Education isn’t part of my agenda. It is my agenda.
– Kenny Guinn
In 1980, Hugh Mehan published a study of children participating in “circle time” in their classroom. Throughout the study, Mehan placed a wireless microphone on the back of students for one hour each morning to document their interactions.
Up to that point, Mehan wrote, classroom community had been studied from the teacher’s perspective. He wanted to se what was going on with everyone else.
Students like teacher, have objectives that they would like to meet during the course of a given classroom event, a school day, a school year. And like teachers, students employ others and their surroundings as contexts for achieving these objectives. The simultaneous presence of students’ and teachers’ agendas suggests that the classroom be viewed as a social activity in which teachers and students mutually influence each other and collaboratively assemble its social order.
In his published findings, Mehan reported interactions between a triad of girls who were talking to one another during circle time while the teacher was attempting to divvy up classroom jobs.
It all happened simultaneously.
Hair combing, securing snacks, discussing play dynamics, they all happened at the same time.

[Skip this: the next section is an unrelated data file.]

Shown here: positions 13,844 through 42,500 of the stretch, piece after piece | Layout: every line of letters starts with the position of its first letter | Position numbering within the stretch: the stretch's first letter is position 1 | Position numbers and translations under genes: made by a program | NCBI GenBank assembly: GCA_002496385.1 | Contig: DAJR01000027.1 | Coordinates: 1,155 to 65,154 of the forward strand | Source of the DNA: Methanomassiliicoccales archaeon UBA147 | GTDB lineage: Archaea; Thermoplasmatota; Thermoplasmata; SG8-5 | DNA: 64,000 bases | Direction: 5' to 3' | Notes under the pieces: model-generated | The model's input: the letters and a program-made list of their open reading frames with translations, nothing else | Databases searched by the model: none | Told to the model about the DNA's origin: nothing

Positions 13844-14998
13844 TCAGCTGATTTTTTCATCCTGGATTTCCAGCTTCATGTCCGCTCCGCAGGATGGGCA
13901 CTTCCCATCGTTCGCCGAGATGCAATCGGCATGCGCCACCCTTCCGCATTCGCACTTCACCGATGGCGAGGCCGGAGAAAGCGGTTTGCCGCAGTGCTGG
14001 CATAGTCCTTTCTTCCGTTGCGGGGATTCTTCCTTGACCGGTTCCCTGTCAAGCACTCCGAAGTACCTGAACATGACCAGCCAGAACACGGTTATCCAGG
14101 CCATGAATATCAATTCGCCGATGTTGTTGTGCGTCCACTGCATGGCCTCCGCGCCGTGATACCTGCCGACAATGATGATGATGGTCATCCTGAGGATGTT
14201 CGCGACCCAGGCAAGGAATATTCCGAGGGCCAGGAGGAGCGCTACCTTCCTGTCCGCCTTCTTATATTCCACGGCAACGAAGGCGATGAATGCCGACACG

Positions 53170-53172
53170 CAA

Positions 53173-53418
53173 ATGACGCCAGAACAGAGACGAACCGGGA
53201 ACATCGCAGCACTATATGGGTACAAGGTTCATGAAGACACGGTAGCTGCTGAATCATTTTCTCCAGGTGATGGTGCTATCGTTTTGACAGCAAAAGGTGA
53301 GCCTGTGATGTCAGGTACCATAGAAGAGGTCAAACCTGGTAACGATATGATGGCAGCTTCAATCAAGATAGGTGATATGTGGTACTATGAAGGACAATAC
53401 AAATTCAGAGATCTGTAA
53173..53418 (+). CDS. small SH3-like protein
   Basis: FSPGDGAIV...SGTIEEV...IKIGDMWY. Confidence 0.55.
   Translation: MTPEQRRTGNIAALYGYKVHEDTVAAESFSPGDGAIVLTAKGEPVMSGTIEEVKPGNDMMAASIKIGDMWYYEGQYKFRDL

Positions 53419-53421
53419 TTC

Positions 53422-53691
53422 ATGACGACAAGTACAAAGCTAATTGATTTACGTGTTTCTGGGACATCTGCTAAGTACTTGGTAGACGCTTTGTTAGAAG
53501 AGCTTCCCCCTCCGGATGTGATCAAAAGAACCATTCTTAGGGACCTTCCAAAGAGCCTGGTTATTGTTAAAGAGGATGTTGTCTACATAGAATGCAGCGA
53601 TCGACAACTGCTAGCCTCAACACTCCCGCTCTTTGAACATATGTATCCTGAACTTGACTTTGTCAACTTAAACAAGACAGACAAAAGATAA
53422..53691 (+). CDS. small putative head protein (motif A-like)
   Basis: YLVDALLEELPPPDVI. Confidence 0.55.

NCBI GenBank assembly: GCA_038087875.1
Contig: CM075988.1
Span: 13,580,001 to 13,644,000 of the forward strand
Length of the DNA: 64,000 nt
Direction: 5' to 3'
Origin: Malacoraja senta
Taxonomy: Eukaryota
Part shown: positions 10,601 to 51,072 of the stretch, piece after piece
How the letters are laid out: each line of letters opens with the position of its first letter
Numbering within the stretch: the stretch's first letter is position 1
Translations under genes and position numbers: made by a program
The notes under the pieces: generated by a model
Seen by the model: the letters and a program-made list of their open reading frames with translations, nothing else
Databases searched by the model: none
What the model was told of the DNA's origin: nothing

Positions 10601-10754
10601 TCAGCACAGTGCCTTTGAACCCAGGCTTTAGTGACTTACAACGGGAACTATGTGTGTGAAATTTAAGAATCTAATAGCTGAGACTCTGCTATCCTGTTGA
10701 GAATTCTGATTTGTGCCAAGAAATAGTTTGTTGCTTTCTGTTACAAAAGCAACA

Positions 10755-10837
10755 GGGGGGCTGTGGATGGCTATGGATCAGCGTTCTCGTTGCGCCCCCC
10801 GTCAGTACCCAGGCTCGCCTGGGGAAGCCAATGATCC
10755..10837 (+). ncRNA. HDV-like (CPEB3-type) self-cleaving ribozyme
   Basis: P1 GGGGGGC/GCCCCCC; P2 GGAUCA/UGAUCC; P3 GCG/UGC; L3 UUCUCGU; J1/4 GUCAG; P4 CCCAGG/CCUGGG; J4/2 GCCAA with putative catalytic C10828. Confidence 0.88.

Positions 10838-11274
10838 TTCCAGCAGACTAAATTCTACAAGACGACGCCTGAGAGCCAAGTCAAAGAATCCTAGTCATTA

Mehan writes, “All this indicates an ability to monitor and participate in several activities simultaneously, a skill that cognitive scientists have called ‘parallel processing.’”
By teachers in any ordinary classroom, the actions of Carolyn, Leola and Ysidro would be taken as insubordinate. Not telling-the-teacher-off insubordinate, but certainly working-against-the-teacher’s-agenda insubordinate.
They don’t have to be.
Mehan’s point, and the deeper implication of the study is when teachers see “off-task” behavior, it doesn’t necessarily mean the students are off-task. They are on the tasks they deem important. And Mehan claims also on-task with the items on the teacher’s agenda.
This isn’t an argument that children should be allowed to do whatever they want or that their agendas should trump any agenda set forth by the teacher. There’s literature about that, sure, but this isn’t about that.
Instead, it’s about realizing everyone in the classroom has an agenda, and to each individual that agenda is personal and important.
Mehan writes the study’s findings shed light on the fact “that participants to interaction, including socializing interaction, mutually influence each other.”
The study serves as a reminder that teachers face the task (perhaps their first agenda item) of persuading each student in a class that the teacher’s agenda is worthy of student attention and perhaps even adoption.
It’s a tough sell all around.
Hugh Mehan, “The Competent Student,” Anthropology and Education Quarterly, Vol. 11 (1980), 131-152.